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Old 02-14-2012, 01:23 AM   #1
konsolelover
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Lightbulb Computer Networks: CIDR based question


Hey,
I hope, I'm allowed to ask this question. First thing I want to tell you that it's not a homework question. Actually I appeared in an exam and I tried to solve this question but ...
Q-An ISP has the following chunk of CIDR-based IP address available with it: 245.248.128.0/20. The ISP wants to give half of this chunk of addresses to Organization A and a quarter to Organization B, while remaining with itself. Which of the following is a valid allocation of addresses to A and B?
A) 245.248.136.0/21 and 245.248.128.0/22
B) 245.248.128.0/21 and 245.248.128.0/22
A) 245.248.132.0/22 and 245.248.132.0/21
A) 245.248.136.0/24 and 245.248.132.0/21

My approach: Only in option B, bitwise logical AND operation on IP addresses with their subnet gives the same address. So I think it's right option but I'm not sure.I don't know what is the right approach to solve this question.Any suggestions will be appreciated.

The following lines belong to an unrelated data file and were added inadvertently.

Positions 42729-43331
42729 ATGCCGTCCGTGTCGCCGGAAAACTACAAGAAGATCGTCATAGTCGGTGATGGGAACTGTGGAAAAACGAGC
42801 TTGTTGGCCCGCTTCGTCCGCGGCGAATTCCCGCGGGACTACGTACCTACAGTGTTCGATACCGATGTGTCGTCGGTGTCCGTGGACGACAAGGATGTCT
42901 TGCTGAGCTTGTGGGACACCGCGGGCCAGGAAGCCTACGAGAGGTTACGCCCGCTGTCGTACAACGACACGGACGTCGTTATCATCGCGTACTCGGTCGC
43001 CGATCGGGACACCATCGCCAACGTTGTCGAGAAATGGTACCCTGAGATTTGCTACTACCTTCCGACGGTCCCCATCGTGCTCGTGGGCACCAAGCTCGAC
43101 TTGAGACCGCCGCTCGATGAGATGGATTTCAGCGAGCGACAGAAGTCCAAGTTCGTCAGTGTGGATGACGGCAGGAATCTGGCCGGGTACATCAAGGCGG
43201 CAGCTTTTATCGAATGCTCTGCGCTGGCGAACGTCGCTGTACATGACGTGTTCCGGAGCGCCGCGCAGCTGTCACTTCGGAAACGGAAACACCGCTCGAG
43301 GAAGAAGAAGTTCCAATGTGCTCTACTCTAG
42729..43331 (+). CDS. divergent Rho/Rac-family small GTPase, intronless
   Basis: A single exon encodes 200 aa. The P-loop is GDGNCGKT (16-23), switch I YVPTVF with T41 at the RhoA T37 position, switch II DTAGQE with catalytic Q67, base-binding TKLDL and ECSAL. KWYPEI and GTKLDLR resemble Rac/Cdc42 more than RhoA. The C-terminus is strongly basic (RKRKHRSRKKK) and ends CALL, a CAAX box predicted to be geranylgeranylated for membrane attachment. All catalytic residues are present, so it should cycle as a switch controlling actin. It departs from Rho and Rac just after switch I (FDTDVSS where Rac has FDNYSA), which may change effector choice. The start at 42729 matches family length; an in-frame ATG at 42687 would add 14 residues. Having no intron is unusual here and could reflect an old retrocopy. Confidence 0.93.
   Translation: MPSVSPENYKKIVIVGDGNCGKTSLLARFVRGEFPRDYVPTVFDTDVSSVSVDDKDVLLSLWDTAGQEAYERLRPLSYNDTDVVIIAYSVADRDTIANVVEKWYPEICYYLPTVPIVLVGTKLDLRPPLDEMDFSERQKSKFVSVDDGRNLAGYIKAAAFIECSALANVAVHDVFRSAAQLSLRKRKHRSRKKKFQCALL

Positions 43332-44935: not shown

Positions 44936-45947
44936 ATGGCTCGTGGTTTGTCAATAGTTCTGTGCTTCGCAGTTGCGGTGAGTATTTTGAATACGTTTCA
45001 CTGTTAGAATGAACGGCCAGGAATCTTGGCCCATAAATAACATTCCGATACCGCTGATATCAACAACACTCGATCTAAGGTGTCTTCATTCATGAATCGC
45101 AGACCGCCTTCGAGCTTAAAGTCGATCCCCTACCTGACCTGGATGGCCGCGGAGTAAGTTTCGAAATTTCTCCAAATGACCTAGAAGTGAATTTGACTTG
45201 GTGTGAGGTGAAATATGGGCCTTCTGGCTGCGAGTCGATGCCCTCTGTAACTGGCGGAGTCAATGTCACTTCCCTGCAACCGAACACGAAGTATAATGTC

TIA!

Last edited by konsolelover; 02-14-2012 at 02:34 AM.
 
Old 02-14-2012, 04:12 AM   #2
acid_kewpie
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No, it's A. (fingers crossed!!) In B, the subnets overlap, so it's illegal. You clearly need a /21 for "half" and a /22 for "quarter". In A the TOP half of the /20 goes to Org A, and the very bottom quarter goes to Org B, with the middle bit kept behind.

Last edited by acid_kewpie; 02-14-2012 at 01:59 PM.
 
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Old 02-14-2012, 11:51 AM   #3
baldy3105
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I concur, half of a /20 is /21, a quarter is /22 (which I'm sure is just a typo in chris's post) so D is out.
The networks in B overlap. The networks in C overlap.
So A is the answer.

To double check, /20 gives us a block of 16 class C's = 245.248.128.0 > 245.248.143.0
245.248.128.0/21 is an 8 block which would give 245.248.128.0 > 245.248.135.0
The remainder is 245.248.136.0/21 and if we split this with a /22 we get two blocks of 4 class C's which are 245.248.136.0/22 and 245.248.140.0/22

So giving away 245.248.128.0/21 and 245.248.136.0/22 leaves 245.248.140.0/22.

Looks good.
 
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Old 02-14-2012, 01:59 PM   #4
acid_kewpie
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Typo? What typo?!
 
Old 02-15-2012, 01:11 AM   #5
chrism01
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You may also find this useful for testing/checking IP Calcs http://jodies.de/ipcalc
 
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